Outgoing port numbers in general are basically extremely unpredictable. Port numbers are only strictly applicable to TCP and UDP, but ICMP "identifier" fields can work in the same way as regards NAT.
There are a few protocols where the outgoing call has to come from a particular port number, but the most common operating systems's mplementations choose ports from a range for this purpose.
RFC 6335 covers this:
the System Ports, also known as the Well Known Ports, from 0-1023 (assigned by IANA), the User Ports, also known as the Registered Ports, from 1024-49151 (assigned by IANA), the Dynamic Ports, also known as the Private or Ephemeral Ports, from 49152-65535 (never assigned)
Some operating systems choose the ports randomly from a range, some choose them in linear order (like you see in your example). Some choose lowest available number from a range. It's entirely up to the operating system. Some operating systems let you choose the ranges. (A system with a great deal of outgoing connections, perhaps a web proxy, a mail gateway, or a NAT device, might run out of port numbers if the range is too small.)
In common speaking, many people just say some random high port number.
In your case, the WAN-side port numbers are chosen by the NAT devices. The LAN-side port numbers are chosen by the three hosts .1, .2 and .3, but note that it would be extraordinarily unusually for three hosts to choose the idential two port numbers for outgoing connections without something enforcing it. (Running in sync is unlikely to do it -- a transient failure with a retry, for example, will "use up" a port number in whatever sequence the OS is using.)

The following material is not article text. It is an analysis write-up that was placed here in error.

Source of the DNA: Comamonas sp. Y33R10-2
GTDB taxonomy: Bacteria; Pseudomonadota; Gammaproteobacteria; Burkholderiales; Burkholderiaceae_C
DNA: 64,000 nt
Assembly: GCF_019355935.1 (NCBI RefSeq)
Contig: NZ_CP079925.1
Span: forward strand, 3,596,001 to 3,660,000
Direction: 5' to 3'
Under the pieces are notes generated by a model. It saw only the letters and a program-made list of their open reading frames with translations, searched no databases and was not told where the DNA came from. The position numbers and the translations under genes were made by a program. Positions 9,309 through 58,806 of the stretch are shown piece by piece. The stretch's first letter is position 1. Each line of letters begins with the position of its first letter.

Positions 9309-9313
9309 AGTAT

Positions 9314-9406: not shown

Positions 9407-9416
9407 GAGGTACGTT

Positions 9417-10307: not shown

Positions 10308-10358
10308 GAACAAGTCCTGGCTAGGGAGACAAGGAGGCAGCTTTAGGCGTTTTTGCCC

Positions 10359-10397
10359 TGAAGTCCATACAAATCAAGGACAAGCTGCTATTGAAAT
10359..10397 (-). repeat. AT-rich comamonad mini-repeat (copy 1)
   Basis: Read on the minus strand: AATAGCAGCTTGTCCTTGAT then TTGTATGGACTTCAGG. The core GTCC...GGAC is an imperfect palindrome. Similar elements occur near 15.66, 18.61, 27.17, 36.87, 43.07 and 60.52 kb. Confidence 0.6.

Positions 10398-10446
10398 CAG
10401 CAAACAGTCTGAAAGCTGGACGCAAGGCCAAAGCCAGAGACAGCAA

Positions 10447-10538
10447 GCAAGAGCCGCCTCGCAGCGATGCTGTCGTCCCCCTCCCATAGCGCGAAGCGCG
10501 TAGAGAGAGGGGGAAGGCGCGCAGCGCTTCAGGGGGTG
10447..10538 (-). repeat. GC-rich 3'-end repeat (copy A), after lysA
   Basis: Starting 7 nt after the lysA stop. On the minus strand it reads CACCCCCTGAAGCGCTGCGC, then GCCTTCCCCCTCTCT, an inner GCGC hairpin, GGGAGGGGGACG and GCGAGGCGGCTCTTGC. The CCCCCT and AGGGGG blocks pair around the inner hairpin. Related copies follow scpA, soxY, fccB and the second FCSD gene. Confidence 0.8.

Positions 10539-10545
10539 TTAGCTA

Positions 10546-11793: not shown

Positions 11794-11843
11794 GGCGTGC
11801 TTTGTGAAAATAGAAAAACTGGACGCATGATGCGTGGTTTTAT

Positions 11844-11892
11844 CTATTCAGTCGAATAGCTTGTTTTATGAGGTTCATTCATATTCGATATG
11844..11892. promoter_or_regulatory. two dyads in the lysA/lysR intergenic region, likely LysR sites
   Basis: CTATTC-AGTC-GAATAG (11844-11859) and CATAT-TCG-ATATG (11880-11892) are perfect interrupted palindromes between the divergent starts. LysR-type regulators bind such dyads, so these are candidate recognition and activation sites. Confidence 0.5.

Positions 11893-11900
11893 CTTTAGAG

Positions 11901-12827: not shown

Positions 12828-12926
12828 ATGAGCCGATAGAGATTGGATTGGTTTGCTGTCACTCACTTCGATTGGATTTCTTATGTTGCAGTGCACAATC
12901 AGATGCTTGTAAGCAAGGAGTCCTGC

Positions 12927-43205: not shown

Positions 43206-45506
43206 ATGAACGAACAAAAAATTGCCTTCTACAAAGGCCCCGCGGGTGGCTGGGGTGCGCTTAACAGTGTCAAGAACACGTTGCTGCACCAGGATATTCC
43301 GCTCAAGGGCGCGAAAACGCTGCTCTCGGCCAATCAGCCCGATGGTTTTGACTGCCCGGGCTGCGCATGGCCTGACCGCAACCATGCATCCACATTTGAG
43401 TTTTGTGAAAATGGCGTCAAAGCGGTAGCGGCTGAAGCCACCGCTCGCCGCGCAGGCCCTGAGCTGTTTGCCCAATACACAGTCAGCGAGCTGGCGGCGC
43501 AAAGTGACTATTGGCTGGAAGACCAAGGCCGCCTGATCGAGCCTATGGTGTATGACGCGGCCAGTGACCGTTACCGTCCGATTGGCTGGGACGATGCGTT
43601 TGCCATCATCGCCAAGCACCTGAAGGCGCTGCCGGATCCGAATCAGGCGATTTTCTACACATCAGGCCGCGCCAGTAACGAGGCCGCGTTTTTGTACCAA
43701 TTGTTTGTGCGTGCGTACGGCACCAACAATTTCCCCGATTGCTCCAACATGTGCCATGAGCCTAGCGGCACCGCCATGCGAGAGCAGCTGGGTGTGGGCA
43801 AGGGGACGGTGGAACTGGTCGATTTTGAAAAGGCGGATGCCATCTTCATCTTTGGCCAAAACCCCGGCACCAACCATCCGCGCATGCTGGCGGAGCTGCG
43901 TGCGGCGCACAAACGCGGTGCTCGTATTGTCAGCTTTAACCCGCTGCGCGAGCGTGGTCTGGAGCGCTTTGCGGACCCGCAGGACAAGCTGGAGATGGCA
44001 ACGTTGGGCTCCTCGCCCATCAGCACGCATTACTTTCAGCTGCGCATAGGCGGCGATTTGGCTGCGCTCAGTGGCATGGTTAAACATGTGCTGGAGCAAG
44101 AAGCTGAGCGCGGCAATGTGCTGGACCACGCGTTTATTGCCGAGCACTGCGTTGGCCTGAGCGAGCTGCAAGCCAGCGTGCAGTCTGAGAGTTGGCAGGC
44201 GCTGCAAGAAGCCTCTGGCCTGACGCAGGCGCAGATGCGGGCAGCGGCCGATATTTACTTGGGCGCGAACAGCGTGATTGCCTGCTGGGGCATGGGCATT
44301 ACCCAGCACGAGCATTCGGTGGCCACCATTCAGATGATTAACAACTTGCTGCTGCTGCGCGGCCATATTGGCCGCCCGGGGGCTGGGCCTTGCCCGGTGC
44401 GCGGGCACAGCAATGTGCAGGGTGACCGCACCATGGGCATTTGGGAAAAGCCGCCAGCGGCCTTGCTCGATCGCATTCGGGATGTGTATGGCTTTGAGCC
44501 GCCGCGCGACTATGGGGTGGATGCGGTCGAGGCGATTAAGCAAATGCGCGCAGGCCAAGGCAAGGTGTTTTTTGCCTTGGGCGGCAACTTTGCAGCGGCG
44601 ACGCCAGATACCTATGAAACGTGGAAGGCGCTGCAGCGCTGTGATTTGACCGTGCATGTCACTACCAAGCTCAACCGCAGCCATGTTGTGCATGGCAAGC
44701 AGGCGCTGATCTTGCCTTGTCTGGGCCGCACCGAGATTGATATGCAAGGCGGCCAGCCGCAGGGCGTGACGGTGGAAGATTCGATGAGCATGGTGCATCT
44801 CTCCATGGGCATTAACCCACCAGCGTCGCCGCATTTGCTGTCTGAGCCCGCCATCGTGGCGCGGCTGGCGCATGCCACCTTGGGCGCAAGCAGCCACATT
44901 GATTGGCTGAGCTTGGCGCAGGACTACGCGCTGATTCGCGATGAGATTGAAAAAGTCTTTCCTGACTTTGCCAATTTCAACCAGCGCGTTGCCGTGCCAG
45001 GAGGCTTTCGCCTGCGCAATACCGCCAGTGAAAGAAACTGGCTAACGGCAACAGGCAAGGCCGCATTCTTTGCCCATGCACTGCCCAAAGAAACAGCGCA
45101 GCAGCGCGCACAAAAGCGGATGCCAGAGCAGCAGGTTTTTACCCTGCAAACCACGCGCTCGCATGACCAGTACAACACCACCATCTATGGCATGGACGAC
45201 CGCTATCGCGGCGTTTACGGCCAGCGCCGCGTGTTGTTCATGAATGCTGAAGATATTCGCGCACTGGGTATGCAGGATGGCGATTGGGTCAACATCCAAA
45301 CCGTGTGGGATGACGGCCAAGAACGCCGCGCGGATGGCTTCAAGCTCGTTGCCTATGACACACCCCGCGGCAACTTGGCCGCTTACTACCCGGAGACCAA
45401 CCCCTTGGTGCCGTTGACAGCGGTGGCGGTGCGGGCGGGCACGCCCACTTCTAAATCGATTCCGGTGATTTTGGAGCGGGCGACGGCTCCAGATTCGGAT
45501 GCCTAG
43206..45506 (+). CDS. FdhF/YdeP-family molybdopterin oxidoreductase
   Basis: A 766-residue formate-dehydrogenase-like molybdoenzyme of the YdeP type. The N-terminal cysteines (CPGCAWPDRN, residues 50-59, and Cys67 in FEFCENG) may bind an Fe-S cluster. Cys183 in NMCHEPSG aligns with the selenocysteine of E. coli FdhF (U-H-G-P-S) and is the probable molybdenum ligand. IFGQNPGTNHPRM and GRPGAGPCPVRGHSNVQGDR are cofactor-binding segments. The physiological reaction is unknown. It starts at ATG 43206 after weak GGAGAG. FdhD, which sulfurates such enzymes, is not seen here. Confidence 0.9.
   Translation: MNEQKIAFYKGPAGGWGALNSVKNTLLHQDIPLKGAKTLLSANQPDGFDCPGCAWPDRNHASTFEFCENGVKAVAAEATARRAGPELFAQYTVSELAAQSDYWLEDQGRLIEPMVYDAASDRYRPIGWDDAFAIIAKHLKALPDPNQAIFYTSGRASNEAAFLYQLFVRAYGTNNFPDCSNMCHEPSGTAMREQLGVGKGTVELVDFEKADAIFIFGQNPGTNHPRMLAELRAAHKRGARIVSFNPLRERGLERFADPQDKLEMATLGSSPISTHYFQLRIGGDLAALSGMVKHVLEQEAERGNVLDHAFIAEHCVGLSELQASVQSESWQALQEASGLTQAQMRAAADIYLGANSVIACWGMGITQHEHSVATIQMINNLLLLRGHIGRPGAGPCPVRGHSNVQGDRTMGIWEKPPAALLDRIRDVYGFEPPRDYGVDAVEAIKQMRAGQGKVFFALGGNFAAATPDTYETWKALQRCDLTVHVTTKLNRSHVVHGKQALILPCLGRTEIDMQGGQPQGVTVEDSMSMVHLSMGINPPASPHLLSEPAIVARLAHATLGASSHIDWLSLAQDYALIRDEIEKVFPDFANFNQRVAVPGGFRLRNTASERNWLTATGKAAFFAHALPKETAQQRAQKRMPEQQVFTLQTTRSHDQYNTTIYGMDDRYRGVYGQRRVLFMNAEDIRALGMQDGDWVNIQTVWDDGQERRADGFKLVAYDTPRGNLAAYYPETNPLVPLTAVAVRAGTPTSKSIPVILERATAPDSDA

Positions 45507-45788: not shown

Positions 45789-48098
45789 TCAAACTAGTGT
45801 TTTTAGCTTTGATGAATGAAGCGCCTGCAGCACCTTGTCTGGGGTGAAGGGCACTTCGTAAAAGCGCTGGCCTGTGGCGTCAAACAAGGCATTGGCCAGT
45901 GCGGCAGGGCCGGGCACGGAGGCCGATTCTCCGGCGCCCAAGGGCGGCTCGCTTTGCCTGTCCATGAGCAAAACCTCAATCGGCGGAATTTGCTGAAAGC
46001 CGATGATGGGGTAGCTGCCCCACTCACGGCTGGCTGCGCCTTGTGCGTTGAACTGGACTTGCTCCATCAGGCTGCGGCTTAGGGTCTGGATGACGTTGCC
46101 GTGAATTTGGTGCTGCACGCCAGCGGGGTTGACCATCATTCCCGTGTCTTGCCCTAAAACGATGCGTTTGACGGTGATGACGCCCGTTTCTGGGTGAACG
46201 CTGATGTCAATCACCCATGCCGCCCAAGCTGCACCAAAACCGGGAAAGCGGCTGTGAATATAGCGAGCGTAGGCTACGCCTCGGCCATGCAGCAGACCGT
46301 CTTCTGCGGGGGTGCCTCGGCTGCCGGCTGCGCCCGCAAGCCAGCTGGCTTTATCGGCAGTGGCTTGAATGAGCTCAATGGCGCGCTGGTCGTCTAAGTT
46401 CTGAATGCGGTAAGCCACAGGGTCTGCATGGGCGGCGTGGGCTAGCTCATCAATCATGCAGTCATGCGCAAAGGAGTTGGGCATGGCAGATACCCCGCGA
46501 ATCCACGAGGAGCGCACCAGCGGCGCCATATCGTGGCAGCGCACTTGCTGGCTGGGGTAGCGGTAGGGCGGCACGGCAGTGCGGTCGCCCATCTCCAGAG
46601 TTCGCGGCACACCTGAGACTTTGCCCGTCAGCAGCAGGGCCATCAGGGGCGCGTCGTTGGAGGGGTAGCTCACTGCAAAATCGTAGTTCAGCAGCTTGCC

As Eddie says:
A lot of Cisco router's will choose Source Ports sequentially. A lot of F5 devices choose Source ports randomly. Every vendor is free to do it their own way.
A point to notice is that if you are planning access control on port numbers, you might have to accomodate whatever your operating systems use.
If for some reason you need to control particular port numbers for outgoing NAT, you need "static PAT" in your NAT device.